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Community health updates will soon be as easy as checking the weather

In the near future, people may access their community health status much like they check the local weather forecast. This public health surveillance system uses advanced technologies to scrutinize public wastewater, revealing vital information about circulating viruses within communities.

The system involves a detailed analysis of the human virome – all known human viruses – in community wastewater. 

“Knowing the up and down patterns within the viral landscape of human wastewater, the changes in the relative proportions of the different viruses in time and by location, is increasingly proving to be a powerful tool to improve our understanding of outbreaks, transmission and the effects on overall population health,” said Dr. Anthony Maresso from the Baylor College of Medicine

Crucial insights

Texas stands out as the pioneer in developing a comprehensive pipeline for wastewater surveillance of the human virome. 

This initiative, led by the Texas Wastewater Consortium and supported by the Texas Epidemic Public Health Institute, involves steps from sample collection to analysis and reporting. The periodic reports, informed by detailed virome analysis, provide crucial insights to public health officials.

Early detection

Dr. Maresso and his colleagues have demonstrated that they can detect changes in viral trends in wastewater weeks before they are detected in the clinic.

“Think of it as a very fancy smoke alarm that brings to the attention of scientists, physicians and public health authorities the progressively increasing proportions of a particular virus strain in the community, one they need to follow closely, assessing its outbreak potential,” said study first author Dr. Michael Tisza. “For instance, we knew about mpox (monkeypox) well before most clinical settings knew about it because we detected it in wastewater.”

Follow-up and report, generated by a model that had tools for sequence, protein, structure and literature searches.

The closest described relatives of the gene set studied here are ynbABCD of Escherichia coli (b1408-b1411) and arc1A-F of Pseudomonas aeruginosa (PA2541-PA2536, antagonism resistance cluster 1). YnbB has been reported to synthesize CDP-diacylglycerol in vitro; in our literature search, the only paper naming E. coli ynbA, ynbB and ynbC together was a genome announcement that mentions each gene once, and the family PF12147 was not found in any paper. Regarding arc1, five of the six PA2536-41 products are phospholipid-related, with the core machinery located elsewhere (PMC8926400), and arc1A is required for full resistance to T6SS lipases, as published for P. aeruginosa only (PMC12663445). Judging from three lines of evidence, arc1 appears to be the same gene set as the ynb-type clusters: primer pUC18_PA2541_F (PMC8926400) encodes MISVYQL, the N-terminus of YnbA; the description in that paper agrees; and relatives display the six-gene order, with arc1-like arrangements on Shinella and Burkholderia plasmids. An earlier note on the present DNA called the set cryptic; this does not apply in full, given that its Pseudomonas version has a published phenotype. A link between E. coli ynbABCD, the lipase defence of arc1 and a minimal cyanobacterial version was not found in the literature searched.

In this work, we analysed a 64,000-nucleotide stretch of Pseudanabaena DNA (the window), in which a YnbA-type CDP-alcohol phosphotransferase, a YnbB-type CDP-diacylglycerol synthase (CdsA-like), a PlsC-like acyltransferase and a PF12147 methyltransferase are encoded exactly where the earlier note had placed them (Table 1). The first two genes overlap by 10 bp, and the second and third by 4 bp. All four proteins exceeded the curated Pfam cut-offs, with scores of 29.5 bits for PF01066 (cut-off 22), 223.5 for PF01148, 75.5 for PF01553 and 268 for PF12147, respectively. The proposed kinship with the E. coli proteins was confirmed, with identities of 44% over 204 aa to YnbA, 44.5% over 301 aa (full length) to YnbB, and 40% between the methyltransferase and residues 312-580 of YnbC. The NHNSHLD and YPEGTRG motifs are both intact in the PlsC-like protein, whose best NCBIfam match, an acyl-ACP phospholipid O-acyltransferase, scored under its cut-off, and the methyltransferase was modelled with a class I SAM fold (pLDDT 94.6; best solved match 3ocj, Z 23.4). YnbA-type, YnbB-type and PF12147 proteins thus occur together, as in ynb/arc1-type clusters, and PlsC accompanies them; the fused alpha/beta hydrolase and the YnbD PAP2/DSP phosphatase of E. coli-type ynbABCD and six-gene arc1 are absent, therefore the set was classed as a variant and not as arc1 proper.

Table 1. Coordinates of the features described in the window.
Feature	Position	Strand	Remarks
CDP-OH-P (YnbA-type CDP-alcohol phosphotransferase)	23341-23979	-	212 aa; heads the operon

Emerging viruses 

The researchers believe that this technology is going to be one way they can get ahead of not only all known viruses that can be shed in wastewater, but also to potentially get an upper hand on the next virus that we don’t yet know about.

“Had we had this in place during the time COVID-19 was emerging, we may have seen some coronavirus sequences that alerted us of the new sequence of the COVID-19 virus that began spreading in 2019 and exploded into a pandemic,” noted Dr. Maresso.

Historical context 

The idea of using wastewater surveillance dates back to the early 1940s with the monitoring of poliovirus. Pioneered by researchers at Yale University and Baylor College of Medicine, this method provided insights into the spread and evolution of diseases at the community level. 

Dr. Joseph Melnick’s work in the 1960s at Baylor, using wastewater analysis to predict and respond to polio outbreaks, laid the foundation for modern wastewater-based epidemiology.

COVID-19 pandemic

The COVID-19 pandemic marked a resurgence in wastewater analysis. Baylor scientists were among the first to detect the COVID-19 virus in wastewater. This revived interest in wastewater surveillance has now been expanded to monitor a broader range of viruses, using more sensitive technologies like PCR and genetic sequencing.

“We also see sequence information that PCR cannot give us that allows us to identify new viruses that might lead to the next pandemic,” said Dr. Tisza. “This is very powerful; it’s quantum leaps ahead of everything else. We think this is the way everybody is going to do it in the future.”

The study is published in the journal Nature Communications.

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